While genuine mahogany lumber exported from Central and South America may be superior to its African counterpart in many ways, African mahogany lumber is still an excellent choice for many projects. In order to understand how using African mahogany may be fruitful, you should first appreciate its roots.
For starters, you should know that the terms “genuine” or “true” being used to refer to mahogany with roots near the Amazon can be misleading: African mahogany is still real mahogany. The mahogany family, Meliaceae, includes two basic genera: Swietenia and Khaya. The Swietenia genus embraces two species: Swietenia macrophylla and Swietenia mahogoni. The first species, Swietenia macrophylla, from Central or South America, is commonly referred to as “Honduran” or “genuine” mahogany, and it tends to have a slightly more orange or brassy hue than other mahoganies. Closely related and still in the Swietenia species group is the Swietenia mahogoni, often called “Cuban” mahogany, which grows in Florida, Cuba, and the Caribbean. Its color is darker, usually a rich reddish brown.
Those mahoganies belonging to the second genus, Khaya, find their origins in Africa. This species is often abbreviated as Khaya spp., and it includes these four similar but distinct species: Khaya anthotheca, Khaya grandifoliola, Khaya ivorensis, and Khaya senegalensis. These African species of mahogany have a lighter coloration, more of a salmon or pink tint than their American Swietenia cousins.
Swietenia mahoganies tend to be more stable and more costly than Khaya or African mahogany lumber. While vulnerable to beetles, this exotic wood species is resistant to termites and is considered a more affordably priced alternative to Swietenia.
African mahogany trees grow in the tropical areas of western Africa, where they can reach 130 feet in height, with trunks 3-5 feet in diameter. The lumber’s workability and beauty make it a popular choice for plywood, furniture, interior trim, and furniture. It has also been used for cabinetry, musical instruments, paneling, fixtures, and domestic flooring.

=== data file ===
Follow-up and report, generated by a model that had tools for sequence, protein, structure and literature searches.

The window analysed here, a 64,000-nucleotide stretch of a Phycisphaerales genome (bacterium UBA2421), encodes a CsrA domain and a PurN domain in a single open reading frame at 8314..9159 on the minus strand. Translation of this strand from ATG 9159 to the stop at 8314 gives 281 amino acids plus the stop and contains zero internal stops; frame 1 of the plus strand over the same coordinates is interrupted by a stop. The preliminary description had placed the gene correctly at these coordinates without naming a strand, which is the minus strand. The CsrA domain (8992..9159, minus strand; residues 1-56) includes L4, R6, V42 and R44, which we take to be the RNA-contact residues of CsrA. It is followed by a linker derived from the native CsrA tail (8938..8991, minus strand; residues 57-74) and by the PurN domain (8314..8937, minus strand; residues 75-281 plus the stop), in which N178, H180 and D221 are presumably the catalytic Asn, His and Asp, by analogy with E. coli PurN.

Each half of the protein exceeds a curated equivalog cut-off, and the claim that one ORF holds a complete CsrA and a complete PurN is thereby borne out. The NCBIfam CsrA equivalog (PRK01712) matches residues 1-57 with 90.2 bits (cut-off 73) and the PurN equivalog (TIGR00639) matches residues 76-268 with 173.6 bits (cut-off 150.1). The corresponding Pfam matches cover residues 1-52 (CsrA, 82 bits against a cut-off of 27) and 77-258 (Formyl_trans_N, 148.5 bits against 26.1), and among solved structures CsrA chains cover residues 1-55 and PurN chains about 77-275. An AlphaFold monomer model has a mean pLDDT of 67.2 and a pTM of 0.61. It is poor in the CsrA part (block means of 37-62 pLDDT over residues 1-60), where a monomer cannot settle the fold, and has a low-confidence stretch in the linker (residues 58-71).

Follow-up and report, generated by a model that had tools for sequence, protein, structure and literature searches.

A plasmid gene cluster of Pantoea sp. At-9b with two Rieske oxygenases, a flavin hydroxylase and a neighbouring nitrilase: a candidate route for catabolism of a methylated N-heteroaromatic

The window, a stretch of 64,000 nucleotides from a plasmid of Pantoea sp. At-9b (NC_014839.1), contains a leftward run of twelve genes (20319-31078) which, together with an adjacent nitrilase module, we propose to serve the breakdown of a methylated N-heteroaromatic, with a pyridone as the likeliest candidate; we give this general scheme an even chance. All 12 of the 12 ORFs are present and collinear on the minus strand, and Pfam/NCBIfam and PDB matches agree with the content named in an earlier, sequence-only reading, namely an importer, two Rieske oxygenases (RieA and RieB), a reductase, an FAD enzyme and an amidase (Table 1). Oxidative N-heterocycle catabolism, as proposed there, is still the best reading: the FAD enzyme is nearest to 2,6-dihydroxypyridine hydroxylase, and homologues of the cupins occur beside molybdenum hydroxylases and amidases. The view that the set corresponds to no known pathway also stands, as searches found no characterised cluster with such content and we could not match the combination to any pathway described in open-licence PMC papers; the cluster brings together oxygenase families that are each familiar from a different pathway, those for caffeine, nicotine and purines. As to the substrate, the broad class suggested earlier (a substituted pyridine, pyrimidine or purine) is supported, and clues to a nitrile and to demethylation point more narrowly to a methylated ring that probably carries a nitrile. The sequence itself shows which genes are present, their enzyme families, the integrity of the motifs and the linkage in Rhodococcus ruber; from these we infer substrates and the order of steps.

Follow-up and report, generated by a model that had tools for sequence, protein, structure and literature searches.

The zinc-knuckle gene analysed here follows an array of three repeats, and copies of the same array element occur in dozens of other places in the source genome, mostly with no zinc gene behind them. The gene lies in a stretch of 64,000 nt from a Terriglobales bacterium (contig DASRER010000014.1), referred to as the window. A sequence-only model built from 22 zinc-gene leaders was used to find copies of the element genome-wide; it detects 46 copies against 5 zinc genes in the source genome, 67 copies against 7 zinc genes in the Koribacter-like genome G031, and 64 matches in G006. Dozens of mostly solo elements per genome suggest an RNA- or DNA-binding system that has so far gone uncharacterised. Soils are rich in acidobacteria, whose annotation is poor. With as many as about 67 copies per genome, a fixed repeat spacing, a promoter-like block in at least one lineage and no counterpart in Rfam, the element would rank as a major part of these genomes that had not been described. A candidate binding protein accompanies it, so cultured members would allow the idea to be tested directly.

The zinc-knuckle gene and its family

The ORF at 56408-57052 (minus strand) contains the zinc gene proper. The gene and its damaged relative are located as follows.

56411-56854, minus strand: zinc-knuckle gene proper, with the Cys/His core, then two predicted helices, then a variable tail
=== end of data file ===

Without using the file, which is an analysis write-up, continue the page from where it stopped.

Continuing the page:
The beauty of African mahogany is highly dependent on its varied texture, which includes straight, irregular, and interlocked graining. In fact, the unique combinations of graining even have classifications. “Bee’s Wing” African Mahogany boasts a combination of spiral, interlocked grain and small-scale wavy grain that resemble wings of bees. “Ribboned” African Mahogany reflects light, creating a striped effect that resembles ribbons. “Ropey” African Mahogany conjures images of braided ropes, with patterns running diagonally across the board.
Another feature that distinguishes African mahogany from many other woods is its luster or chatoyant properties. When finished properly, turned pieces appear to have different colors when moved.
If you’re not sure what kind of mahogany is right for your upcoming project, the lumber experts at J. Gibson McIlvain can show you examples of both Genuine and African mahogany lumber and help you evaluate your project’s needs. McIlvain has over 200 years of experience as leaders in the lumber industry, so they’re uniquely well-equipped to help answer your questions. For more information and to see McIlvain’s full line of products and services, visit their website today.